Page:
Buteco do França
Buteco do França | Rua Borges dos Reis (Orla), 24-A | Rio Vermelho | Tel. 3334-2734 | Open Tuesdays through Saturdays from noon to the last customer, Sundays from noon to midnight
França is the owner's name, an ex-waiter from restaurant Extudo (currently being redone) who struck out on his own. Excellent food and service, both inside and outside in the alleyway out front.
Sorriso da Dadá
Sorriso da Dadá (Dadá's Smile) has within a relatively short period of time become part and parcel of the lore of Bahia. Dadá is Aldacir dos Santos, who arrived in Salvador from the town of Conde in the interior of Bahia at fourteen years of age to work as domestic servant. She opened her first restaurant -- Tempero da Dadá -- behind a house in the working-class neighborhood of Alto das Pombas (Dove Heights) and from there became famous for the magic she put into traditional Bahian dishes.
The restaurant moved to a small space in Pelourinho and eventually came to assume the name it bears today, becoming de rigueur for anyone wishing to experience the cuisine of Bahia at its most subtly delicious.
Time has passed, however, and a couple other restaurants in Dadá's name have opened (Caranguejo da Dadá: on the beach at Patamares, and Varal da Dadá: in her old neighborhood of Alto das Pombas -- both of which I'll be covering shortly). Meanwhile the restaurant in Pelourinho has taken on an upscale look (white tablecloths and wine glasses), and Dadá is seldom on the premises. The food is okay nowadays, but without Dadá around the magic isn't there anymore.
Prices are in general 60 reais or so for dishes which serve two people.
Sorriso da Dadá is located at Rua Frei Vicente, 5, and is
open daily from noon 'til midnight. The telephone number is
Alaíde do Feijão
Alaíde do Feijão (Alaíde of the Beans) is a small restaurant located in Pelourinho and named for the owner, Alaíde (Ah-lah-EE-gee) da Conceição, who began cooking at her mother's side over forty years ago (at a table set up in Praça Cayru, in front of where the Mercado Modelo is now located). Even under such simple circumstances Alaídes' mother (Maria das Neves) achieved a certain esteem, deservedly passed on to her dutiful daughter. Alaídes' restaurant is particularly well-known and appreciated among local congnoscenti of Afro-Bahian heritage.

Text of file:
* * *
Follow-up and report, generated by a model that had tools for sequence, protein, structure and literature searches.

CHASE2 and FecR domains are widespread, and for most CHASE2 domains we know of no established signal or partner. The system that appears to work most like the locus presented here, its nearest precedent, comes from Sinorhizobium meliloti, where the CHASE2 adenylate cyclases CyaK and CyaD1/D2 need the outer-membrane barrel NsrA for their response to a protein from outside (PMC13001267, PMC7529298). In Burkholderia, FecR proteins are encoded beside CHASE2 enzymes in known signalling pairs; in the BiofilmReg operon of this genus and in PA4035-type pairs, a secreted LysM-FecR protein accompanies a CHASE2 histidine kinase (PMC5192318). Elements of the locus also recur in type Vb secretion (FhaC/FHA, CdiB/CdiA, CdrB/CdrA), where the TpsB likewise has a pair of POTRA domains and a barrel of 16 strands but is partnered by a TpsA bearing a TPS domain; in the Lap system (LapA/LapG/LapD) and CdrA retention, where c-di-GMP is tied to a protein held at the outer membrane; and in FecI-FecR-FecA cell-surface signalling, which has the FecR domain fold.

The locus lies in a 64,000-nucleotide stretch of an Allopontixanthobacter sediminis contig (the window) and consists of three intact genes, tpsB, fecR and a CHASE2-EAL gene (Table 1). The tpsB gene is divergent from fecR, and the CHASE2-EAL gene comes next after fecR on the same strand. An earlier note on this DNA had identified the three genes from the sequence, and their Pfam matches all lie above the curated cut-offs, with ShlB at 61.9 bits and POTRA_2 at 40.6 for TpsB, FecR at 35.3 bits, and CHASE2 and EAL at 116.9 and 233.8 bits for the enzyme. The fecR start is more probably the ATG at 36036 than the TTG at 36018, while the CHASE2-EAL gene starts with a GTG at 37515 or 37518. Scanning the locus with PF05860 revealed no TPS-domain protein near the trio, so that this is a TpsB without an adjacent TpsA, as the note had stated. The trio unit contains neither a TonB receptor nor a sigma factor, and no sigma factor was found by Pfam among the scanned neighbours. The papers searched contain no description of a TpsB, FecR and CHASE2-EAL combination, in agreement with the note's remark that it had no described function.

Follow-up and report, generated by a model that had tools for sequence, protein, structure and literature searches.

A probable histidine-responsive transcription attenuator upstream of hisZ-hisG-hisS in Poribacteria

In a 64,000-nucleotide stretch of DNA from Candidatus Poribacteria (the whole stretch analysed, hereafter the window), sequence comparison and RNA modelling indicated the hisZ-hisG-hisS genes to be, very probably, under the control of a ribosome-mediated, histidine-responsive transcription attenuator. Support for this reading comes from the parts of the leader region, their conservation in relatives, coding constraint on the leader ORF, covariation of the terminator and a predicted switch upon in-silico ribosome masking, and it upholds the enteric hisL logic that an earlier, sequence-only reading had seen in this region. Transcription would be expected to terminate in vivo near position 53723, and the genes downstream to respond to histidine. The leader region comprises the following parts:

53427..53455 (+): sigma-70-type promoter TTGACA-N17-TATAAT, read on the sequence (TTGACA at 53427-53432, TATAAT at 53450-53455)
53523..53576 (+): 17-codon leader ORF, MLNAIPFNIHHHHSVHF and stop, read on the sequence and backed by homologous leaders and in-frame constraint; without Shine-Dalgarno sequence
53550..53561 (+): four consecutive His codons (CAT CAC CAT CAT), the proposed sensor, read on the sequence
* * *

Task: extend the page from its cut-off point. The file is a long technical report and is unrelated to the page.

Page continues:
The food is traditional Bahian, and it is also eminently affordable, with dishes running between 5 and 10 reais (caldo de feijão -- bean soup -- is priced at 2 reais). Feijoada, rabada, and mocotó are served seven days a week, and Bahian dishes such as vatapá and caruru are served on Fridays. The address is Rua 12 de Outubro, 2 (down the small street to the left of the Igreja de São Francisco, and around the corner), and hours are daily from 11:30 a.m., with closing time at 7 p.m. (or so) on Sunday, 8 p.m. (or so) on Monday, and 11 p.m. (or so) Tuesdays through Saturdays. The telephone number is 3321-3634.
Cantina da Lua
By my reckoning, this place was at one time
Now granted, there are many, many bars on this planet of ours, including many that I haven't been to, but a grooving place with hot music (live), and hot samba on wooden floors between beat up tables, in a hot (metaphorically as well as literally) place like Salvador da Bahia... well, that place can't be too far down the list.
Cantina da Lua (Cantina of the Moon) has for the past thirty-five years been run by Clarindo Silva, and it was for years (together with Porto do Moreira) a hangout for Bahia's bambas. Then, beginning in 1994, Pelourinho was rebuilt (in stages, and in typical Bahian style the final stage has -- sixteen years later -- yet to be finished). In this process Cantina da Lua was also reformed (adapting the Portuguese way of putting it to English, and I haven't utilized this adaptation lightly; "reformed" is right on the money). But why reform the greatest bar in the world?
Because money makes the world go 'round. In Cantina da Lua it made the samba go away, to be replaced by comida a kilo. And if you don't have the cash in your pocket there's an ATM right there, and they take every credit card under the sun, and who am I to feel that Clarindo should have kept the place the way it was and earned less? Still, I live with my memories of the place the way it was.
Listen to Batatinha, second from the right above and at the time the photo was taken no kid himself anymore (he passed away in '97), sing the praises of Jajá of Gamboa, an older woman who's lost none of her considerable charm...
And to give Clarindo his very substantial due, when Pelourinho was at its lowest ebb ever, having fallen to a state of degradation below even that lived by Jorge Amado's roaring cast of bohemians and gamblers, prostitutes and misfits, it was Clarindo who initiated the area's rehabilitation in part by the creation of the Tuesday night bêncão (blessing), a weekly Pelourinho-wide party. And it was Clarindo who worked tirelessly to see that the heart of this great South American city wasn't completely destroyed, this place which has seen it all...riches, poverty, feast, famine, war, peace, slavery, liberty...a place which ironically came very close to being felled by one of the most insidious destroyers of all...neglect.
Address: Praça Quinze de Novembro (this is the official name, which nobody ever uses, the original and commonly used name being Terreiro de Jesus),
Ramma is a natural foods restaurant in Barra, occupying an open and very tastefully done space, with food so delicious that you don't have to be natural foods "type" at all to thoroughly enjoy the place. "Rama" is "shoot" in English (in the sense of "plant shoots"), the extra "m" having been added by owner Marina Neves upon the advice of a numerologist.